TOPEKA | Moderate Republicans and Democrats in the Kansas House pushed through legislation today that cuts the state budget deficit to $70 million and minimizes additional cuts to public schools.
The legislation, which won earlier approval in the Senate, now heads to Gov. Mark Parkinson, a Democrat, who is expected to sign it. It cuts $138 million in spending in the budget that takes effect in July.
The legislation aims to eliminate the state's $328 million deficit. Lawmakers have already cut hundreds of millions of dollars of state spending. With the easier cuts already approved, lawmakers struggled to find the last few items in the budget they could trim.
Balancing the state budget has been this year's main legislative challenge. With the deficit almost erased, lawmakers are expected to adjourn for the year, possibly as soon as Friday.
Key points to the final budget-cutting bill:
* Schools would see their state funding reduced by $82 million. That's less than alternative proposals.
* Most other state agencies would see their funding cut by 2.75 percent.
* Local governments lose out, too. The legislation passed Thursday would withhold money that lawmakers had promised to cities and counties to offset business tax cuts approved by lawmakers in previous sessions.
After the vote, Parkinson called the legislation "the right approach." "This budget reflects the sacrifice all Kansans must make in this difficult economic time," he said in a statement. "While this budget contains modest cuts to most state programs, the cuts are more responsible that earlier proposals."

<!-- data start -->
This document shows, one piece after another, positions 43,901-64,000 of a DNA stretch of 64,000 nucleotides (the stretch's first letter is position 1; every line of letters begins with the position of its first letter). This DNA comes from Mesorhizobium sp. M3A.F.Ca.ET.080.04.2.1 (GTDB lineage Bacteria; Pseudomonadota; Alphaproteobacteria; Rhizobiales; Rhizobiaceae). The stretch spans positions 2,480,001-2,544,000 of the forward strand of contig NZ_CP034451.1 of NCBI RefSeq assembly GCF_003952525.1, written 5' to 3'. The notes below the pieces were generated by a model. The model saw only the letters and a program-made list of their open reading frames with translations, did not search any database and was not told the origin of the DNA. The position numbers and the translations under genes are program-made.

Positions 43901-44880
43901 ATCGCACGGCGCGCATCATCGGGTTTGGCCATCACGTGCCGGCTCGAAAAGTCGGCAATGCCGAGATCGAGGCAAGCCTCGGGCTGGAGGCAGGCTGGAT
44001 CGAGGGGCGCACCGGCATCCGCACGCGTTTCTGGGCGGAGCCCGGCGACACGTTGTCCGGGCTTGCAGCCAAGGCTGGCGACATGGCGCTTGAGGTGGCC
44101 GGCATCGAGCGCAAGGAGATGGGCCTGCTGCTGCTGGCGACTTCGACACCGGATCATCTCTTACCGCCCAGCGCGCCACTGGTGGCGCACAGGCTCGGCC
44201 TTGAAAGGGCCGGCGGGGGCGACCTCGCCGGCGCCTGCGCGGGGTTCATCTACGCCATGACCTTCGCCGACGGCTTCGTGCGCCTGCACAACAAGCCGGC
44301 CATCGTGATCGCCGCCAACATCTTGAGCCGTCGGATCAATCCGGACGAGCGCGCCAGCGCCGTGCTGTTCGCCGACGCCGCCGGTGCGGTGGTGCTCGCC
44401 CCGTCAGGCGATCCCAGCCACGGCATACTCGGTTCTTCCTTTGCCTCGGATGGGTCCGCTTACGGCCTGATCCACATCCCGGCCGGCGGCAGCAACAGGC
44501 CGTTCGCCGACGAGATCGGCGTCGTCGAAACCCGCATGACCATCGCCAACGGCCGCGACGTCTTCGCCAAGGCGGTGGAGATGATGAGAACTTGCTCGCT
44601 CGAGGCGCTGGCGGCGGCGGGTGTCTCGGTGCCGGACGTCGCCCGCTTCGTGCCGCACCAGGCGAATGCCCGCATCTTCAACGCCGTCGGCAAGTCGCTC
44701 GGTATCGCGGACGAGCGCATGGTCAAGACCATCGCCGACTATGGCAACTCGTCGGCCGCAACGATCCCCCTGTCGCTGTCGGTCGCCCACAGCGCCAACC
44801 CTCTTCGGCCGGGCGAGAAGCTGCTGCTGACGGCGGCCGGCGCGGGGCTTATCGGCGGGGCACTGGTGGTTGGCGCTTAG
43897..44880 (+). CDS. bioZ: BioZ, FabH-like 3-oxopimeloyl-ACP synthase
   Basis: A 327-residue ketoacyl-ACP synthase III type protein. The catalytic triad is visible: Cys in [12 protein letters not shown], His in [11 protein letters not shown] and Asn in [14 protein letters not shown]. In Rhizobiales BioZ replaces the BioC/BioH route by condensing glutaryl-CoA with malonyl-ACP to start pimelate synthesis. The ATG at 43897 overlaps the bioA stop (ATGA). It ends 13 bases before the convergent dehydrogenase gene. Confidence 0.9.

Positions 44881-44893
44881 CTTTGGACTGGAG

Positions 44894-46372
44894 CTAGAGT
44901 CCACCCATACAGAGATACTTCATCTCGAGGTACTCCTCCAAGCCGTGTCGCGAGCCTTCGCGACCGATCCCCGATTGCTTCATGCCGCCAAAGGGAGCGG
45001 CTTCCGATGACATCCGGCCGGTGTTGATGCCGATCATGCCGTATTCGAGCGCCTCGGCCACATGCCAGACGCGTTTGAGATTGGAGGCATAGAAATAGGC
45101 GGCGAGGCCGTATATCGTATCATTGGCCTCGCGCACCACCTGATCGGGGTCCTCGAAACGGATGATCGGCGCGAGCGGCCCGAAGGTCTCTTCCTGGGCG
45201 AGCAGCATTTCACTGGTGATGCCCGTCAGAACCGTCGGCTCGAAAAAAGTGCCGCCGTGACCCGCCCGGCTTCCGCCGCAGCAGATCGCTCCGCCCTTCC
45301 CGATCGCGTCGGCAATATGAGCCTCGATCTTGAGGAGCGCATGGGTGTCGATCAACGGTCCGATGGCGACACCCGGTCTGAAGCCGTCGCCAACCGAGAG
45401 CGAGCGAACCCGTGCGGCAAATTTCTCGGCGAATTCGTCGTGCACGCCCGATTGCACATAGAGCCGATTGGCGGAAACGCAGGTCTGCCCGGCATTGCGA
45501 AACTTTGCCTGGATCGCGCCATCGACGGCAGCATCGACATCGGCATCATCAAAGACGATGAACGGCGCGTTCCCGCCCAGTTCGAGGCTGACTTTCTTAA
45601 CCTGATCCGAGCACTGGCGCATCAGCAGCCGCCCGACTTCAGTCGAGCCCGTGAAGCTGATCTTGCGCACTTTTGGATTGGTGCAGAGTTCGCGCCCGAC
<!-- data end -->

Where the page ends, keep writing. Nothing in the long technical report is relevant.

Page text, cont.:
Conservative Republicans, including the leaders of the Kansas House, preferred plans to use deeper cuts to eliminate the deficit entirely. But two of their plans failed, and they were thwarted again when Democrats and moderate Republicans used a parliamentary maneuver to force a vote on the Senate's alternative.
"The public wants us to act in a bipartisan manner, and that's what we did today," said House Minority Leader Paul Davis, a Lawrence Democrat. "We've been here for I don't know how many days, and it was time for us to find some solutions."
Rep. Kevin Yoder, an Overland Park Republican who leads the budget committee, argued against the Senate plan.
Yoder noted that the legislation still leaves a $70 million deficit, and actually cuts some programs, such as state prisons and law enforcement, more than earlier House plans that were rejected.
"It has an over $70 million hole to fill," he said. And he said the House would be abdicating its role. "It takes the House out of the process. A vote yes here says 'you know what, we don't want the House process to work. We're just going to go with what the Senate did."